New Delhi: As Punjab government announces a major plan to canalize all rivers of the state to avert another flood-like situation in near future, environmentalists warn that the move could trigger more severe flooding and damage along the flood plains.
The state has received normal rain this monsoon season so far, however the extreme rainfall event around August 17 in the state and adjoining Himachal Pradesh where catchment areas of Satluj river is located caused heavy inflow into the Bhakra Nangal Dam, leading to discharge. The river recorded its highest ever flow in last three decades, carrying nearly 75,000 cusecs more water beyond its capacity of around 2 lakh cusecs.
As many as 14 districts were put on flood alert, as villages were evacuated and crops were damaged. “It was an extreme rainfall event, and these events are on the rise over the last few decades," said Kuldeep Srivastava, Head of Regional Weather Forecasting Centre (RWFC), IMD, New Delhi.
Bhakra Dam, which normally gets filled to its permissible storage level of 1680 feet by September, was overflowing in August, for the first ever time ever.
Post the floods, Punjab Chief Minister Captain Amarinder Singh that the government would canalize all rivers of the state with technical support from the World Bank and the Asian Development Bank. He said the move to realign river streams and courses, besides strengthening and widening of the river embankments would serve as a ‘permanent solution to the problem of floods’- a claim widely criticized by experts.
“When embankments along river Yamuna could not prevent floods in Delhi, how will it save Punjab? River needs space to flow. If we interfere with its flow, we will face repercussions," said noted ecologist Dr Brij Gopal, former Professor at Jawaharlal Nehru University, New Delhi.
There are concerns that permanent embankments would lead to more human settlements along the flood plains, causing more damage once the breach takes place, which are “too common".
Citing example of Kosi River in Bihar, retired Indian Forest Service officer, Manoj Mishra who leads the Yamuna Jiye Abhiyan said, “Embankments create an illusion that people living alongside them are now safe from floods. More people settle in the floodplains. But look, what has happened in Bihar? The floods have been devastating. Why don’t we learn from our mistakes?"
Experts highlight that instead of focusing on creating embankments, the government must direct its attention to protecting the catchments area of major rivers. “If we had protected our catchment areas well enough, all this damage could have been controlled," said Devinder Sharma, agriculture policy expert based in Punjab, “It is more important, amid concerns of these rivers going dry due to climate change."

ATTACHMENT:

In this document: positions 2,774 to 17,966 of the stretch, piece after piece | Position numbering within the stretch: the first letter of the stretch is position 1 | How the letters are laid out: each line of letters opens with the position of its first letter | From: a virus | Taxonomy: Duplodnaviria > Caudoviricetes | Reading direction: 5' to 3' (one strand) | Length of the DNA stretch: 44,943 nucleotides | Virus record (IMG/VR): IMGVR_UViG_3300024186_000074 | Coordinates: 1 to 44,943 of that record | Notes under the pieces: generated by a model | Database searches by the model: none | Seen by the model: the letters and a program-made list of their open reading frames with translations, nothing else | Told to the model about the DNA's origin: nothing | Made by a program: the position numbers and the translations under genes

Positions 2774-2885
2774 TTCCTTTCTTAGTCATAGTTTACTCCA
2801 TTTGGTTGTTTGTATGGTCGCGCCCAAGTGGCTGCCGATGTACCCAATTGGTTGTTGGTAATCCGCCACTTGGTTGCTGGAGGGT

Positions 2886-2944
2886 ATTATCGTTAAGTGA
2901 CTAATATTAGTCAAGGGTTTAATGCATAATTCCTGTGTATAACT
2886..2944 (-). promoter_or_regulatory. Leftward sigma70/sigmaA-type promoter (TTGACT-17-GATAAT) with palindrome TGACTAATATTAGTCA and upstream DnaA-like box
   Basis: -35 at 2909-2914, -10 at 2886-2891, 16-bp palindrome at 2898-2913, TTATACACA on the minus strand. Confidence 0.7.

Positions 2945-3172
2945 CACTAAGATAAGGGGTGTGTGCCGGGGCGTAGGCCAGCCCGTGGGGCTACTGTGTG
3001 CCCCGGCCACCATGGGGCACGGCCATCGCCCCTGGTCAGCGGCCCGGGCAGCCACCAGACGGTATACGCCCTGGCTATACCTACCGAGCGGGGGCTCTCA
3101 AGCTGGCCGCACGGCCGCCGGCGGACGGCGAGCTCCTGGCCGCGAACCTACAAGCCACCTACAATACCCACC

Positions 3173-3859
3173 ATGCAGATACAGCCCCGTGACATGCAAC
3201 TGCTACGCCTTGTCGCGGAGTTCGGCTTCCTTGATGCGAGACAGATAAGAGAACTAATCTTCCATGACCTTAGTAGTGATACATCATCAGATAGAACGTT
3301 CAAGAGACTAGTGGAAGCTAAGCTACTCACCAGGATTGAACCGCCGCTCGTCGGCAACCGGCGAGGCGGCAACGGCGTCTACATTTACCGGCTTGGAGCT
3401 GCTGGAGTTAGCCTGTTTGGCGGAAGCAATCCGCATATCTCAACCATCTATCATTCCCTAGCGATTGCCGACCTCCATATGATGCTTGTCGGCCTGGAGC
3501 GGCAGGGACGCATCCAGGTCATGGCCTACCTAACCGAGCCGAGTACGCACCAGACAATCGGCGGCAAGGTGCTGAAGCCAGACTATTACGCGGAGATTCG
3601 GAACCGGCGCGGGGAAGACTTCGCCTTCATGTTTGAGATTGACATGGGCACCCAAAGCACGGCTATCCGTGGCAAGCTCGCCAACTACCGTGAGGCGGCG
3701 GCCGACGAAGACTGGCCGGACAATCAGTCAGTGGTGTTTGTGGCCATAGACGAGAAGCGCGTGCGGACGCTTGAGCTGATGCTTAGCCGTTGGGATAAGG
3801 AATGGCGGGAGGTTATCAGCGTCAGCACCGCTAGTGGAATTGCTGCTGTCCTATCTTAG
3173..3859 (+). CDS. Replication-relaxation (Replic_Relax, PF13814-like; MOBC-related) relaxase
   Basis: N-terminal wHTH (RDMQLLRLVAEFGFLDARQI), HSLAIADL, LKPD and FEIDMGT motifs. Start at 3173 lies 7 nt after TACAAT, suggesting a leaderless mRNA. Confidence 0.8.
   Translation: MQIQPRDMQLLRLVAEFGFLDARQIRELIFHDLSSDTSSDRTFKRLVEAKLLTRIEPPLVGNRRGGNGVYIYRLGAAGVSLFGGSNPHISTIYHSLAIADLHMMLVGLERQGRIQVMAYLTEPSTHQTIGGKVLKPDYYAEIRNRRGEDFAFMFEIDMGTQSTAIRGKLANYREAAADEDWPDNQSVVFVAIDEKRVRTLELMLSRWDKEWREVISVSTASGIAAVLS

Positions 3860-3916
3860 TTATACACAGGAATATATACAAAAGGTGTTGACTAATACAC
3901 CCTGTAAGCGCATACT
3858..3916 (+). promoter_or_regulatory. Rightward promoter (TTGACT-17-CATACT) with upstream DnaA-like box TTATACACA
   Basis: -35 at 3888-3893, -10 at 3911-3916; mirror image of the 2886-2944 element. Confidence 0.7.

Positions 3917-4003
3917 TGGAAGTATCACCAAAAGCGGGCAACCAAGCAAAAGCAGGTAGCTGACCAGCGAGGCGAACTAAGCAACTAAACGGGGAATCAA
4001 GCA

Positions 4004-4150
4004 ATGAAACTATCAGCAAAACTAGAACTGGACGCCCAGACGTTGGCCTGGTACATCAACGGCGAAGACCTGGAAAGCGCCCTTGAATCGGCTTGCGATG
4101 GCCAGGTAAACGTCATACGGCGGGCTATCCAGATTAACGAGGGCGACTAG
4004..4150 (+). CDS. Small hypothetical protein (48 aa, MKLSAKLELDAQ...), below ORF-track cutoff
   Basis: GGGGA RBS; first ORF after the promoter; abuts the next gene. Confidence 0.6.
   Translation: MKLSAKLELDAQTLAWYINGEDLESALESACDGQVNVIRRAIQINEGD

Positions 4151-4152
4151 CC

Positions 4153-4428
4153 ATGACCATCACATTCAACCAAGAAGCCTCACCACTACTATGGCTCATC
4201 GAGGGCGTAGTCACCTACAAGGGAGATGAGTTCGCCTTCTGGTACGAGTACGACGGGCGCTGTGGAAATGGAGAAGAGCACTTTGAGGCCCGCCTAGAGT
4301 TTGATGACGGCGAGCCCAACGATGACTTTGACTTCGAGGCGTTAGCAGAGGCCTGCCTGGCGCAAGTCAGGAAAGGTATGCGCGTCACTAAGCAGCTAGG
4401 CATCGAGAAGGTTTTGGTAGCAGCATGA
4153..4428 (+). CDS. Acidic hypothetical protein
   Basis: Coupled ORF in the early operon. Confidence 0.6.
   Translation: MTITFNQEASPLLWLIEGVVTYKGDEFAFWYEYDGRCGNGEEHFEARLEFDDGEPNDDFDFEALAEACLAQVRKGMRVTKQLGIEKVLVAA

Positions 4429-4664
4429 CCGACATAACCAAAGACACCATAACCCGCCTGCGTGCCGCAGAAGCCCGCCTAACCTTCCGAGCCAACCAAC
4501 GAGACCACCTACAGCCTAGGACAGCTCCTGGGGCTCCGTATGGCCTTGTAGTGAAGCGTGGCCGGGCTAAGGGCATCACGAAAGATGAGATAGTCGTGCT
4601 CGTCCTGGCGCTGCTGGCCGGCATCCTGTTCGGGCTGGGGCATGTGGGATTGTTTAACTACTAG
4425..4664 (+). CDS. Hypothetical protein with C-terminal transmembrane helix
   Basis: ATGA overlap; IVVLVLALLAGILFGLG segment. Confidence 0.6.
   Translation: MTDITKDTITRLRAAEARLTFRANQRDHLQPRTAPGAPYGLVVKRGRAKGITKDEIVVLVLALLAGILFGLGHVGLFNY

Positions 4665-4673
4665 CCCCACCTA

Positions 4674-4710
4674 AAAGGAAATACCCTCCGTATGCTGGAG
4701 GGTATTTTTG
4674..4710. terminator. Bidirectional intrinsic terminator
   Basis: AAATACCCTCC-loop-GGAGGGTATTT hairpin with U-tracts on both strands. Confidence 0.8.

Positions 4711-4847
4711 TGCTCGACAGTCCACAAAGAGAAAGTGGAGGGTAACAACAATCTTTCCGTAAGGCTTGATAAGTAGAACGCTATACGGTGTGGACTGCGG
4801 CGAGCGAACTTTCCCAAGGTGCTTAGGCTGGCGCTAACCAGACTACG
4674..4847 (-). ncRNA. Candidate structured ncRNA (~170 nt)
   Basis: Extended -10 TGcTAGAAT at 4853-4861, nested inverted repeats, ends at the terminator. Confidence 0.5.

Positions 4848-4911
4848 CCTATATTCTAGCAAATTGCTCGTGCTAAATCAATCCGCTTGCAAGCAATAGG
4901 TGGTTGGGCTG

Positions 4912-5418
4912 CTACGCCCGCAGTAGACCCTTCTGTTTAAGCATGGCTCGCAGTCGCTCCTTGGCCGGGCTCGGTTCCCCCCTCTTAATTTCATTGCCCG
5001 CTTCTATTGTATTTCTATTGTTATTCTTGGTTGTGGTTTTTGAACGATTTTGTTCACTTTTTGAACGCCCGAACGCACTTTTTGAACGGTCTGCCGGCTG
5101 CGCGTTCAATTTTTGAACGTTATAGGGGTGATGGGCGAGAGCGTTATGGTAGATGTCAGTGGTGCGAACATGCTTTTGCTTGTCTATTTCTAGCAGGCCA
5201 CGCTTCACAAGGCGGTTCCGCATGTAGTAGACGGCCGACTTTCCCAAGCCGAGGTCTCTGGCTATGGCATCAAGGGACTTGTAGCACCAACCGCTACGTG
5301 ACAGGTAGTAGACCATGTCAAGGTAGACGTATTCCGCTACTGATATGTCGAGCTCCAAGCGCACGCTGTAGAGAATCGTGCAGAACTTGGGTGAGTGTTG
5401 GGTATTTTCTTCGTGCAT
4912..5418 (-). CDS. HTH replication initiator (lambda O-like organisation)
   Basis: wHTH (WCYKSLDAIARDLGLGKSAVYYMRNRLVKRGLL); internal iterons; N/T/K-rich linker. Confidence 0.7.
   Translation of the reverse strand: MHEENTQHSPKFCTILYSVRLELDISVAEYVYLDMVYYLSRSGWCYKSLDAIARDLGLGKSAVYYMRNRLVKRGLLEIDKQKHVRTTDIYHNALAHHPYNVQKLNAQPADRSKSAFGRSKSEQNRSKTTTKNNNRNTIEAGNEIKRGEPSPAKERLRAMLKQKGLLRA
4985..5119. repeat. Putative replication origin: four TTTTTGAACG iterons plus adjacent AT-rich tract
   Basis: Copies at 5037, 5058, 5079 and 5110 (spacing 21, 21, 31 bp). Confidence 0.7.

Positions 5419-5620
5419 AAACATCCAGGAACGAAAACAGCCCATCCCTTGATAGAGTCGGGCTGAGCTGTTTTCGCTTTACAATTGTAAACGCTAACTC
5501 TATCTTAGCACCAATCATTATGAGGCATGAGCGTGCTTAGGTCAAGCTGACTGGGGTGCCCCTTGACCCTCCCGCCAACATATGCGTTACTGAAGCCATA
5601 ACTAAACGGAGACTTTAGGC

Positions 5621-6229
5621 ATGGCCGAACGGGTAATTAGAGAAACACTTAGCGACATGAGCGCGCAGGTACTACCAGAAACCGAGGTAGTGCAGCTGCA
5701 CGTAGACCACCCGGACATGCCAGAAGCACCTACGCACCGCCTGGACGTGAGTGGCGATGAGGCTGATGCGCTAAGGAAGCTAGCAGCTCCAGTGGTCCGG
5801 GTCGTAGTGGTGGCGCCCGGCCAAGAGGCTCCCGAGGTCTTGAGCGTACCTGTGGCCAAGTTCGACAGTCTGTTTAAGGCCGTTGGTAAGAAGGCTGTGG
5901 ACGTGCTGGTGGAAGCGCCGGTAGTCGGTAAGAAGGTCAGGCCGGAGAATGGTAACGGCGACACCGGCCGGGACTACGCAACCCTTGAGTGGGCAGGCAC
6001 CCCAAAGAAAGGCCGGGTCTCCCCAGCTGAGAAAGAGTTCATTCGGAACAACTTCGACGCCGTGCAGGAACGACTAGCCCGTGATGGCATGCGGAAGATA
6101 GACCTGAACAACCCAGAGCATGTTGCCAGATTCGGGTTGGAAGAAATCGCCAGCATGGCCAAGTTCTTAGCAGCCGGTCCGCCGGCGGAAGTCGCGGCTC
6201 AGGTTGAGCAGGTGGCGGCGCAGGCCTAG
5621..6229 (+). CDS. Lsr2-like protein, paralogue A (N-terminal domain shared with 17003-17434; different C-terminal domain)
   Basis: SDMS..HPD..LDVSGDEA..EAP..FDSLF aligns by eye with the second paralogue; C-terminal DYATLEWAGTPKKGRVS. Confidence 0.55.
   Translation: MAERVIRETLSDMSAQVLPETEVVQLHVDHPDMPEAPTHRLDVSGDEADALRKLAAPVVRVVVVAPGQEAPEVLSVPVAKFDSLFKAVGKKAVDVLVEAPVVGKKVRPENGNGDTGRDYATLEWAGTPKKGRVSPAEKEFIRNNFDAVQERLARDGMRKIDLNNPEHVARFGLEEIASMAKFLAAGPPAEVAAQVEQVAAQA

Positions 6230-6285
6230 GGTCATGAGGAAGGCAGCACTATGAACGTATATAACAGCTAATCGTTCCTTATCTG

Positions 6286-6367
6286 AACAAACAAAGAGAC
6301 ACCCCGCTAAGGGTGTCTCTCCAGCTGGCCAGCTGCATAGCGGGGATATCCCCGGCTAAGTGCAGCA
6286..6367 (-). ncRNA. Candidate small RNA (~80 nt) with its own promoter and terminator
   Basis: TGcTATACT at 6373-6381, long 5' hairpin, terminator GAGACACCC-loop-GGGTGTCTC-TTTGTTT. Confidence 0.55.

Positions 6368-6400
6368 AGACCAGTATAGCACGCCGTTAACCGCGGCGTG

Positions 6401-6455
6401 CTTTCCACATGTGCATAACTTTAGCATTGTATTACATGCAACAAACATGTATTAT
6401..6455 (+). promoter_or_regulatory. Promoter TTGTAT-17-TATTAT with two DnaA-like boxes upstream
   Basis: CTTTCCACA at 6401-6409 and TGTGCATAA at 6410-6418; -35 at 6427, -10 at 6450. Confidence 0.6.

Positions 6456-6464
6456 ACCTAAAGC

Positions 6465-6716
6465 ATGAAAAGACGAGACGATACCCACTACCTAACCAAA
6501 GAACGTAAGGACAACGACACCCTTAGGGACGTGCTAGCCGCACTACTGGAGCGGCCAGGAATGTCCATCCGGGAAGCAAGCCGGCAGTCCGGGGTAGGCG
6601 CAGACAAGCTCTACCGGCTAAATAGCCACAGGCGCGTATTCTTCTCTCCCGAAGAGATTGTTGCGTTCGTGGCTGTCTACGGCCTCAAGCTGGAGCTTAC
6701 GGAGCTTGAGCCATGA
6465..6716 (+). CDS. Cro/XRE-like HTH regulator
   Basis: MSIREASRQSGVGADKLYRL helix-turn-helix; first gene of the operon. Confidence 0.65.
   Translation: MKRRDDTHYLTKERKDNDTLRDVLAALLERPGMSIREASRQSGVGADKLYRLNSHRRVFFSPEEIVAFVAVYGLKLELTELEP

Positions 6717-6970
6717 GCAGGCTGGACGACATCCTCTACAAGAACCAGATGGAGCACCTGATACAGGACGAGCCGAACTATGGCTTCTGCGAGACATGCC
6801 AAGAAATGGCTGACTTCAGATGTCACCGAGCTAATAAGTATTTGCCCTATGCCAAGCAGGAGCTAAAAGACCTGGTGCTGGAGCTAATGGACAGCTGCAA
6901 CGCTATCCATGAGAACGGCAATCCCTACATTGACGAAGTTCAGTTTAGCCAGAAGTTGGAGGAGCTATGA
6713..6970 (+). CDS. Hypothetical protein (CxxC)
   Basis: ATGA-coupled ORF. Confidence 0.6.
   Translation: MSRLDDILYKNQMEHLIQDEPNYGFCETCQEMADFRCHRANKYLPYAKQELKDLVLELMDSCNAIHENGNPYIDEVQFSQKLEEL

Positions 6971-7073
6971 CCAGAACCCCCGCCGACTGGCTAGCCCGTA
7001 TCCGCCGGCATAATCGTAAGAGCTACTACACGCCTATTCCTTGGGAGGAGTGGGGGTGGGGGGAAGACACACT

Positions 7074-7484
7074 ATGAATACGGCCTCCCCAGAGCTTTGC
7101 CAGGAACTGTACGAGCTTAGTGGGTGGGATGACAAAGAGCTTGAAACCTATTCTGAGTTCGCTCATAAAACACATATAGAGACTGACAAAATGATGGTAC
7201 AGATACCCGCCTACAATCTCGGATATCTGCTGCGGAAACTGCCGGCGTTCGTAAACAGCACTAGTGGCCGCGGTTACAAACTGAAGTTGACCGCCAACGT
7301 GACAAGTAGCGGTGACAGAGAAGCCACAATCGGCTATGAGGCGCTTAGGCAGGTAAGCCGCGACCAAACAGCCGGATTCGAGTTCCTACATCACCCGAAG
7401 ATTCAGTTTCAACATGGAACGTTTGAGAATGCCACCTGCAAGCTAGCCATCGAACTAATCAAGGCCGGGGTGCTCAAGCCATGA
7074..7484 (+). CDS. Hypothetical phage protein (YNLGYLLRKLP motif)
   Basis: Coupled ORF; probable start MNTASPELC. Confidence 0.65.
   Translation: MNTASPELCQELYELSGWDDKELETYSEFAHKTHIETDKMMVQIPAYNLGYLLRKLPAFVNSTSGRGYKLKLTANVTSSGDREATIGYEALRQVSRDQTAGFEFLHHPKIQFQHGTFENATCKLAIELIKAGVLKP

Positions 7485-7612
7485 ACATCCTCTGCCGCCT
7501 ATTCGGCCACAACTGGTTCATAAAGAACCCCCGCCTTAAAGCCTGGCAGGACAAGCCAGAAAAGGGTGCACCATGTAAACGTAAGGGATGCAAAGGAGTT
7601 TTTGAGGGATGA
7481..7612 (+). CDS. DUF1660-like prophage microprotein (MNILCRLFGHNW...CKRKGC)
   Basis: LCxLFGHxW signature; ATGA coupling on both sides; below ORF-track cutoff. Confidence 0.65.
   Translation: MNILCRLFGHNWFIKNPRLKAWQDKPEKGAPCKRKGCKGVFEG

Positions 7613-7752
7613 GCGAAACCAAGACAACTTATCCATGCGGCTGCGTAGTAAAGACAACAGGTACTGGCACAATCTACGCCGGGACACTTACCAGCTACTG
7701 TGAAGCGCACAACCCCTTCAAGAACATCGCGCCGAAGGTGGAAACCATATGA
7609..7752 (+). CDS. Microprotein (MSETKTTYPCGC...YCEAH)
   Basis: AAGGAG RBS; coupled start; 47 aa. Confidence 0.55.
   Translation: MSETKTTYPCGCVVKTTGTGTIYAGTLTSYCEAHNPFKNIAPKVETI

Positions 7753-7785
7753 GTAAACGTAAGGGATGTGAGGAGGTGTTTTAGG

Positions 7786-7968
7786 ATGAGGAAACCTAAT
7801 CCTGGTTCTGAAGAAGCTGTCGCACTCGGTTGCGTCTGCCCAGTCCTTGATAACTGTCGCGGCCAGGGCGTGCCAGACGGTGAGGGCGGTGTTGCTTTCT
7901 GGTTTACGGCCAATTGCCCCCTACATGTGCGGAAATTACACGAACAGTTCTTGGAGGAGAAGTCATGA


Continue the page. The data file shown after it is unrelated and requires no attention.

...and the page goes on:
It is not the first time, that any state government has proposed constructing canals as a solution to control floods. Uttar Pradesh too, undertook a major project in 2015 to straighten and shorten the Gomti river channel and control the width of its riverbed.
Professor Venkatesh Dutta from Babasaheb Bhimrao Ambedkar University, Lucknow who studied this riverfront development said this not only led to decline in freshwater species and deposition of silt in flood plains but lowered the groundwater tables in the city reach.
“Let the river takes its own course. The best we could do is to restore the natural drainage patterns, the wetlands and small rivers which have gone dry. Put a long-term flood management plan by creating a drainage master plan for every river basin," he said.
Dr Veena Srinivasan from the Ashoka Trust for Research in Ecology and the Environment (ATREE), Bengaluru, says the concept of concretizing rivers arose from the West, where authorities built embankments to protect the low-lying areas (below sea-level) from flooding.
“But, none of the cities where the embankments were successful witnessed the kind of extreme rainfall events that we have. In almost all such cases, the rainfall has been largely uniform throughout the year, but in India, rainfall is concentrated during the four months of monsoon," said Dr Srinivasan.
With extreme rainfall events on the rise, the disaster potential for flooding in major rivers has only increased. The pace of development has changed the land-use patterns, especially along the rivers, with increasing number of people living in low-lying areas. Experts highlight that overreliance on concrete based solutions is a cause of concern, especially when it is preceded by lack of any serious evaluation of whether this solution is effective or not.
“Flood is a natural phenomenon, but we have converted it into a disaster. The need is to go to the root cause of the problem. It is a misplaced assumption that dams and constructing canals can prevent floods. Flood plains are meant for passage of water. One cannot alter the natural flow of rivers," said Mishra, "let the rivers flow."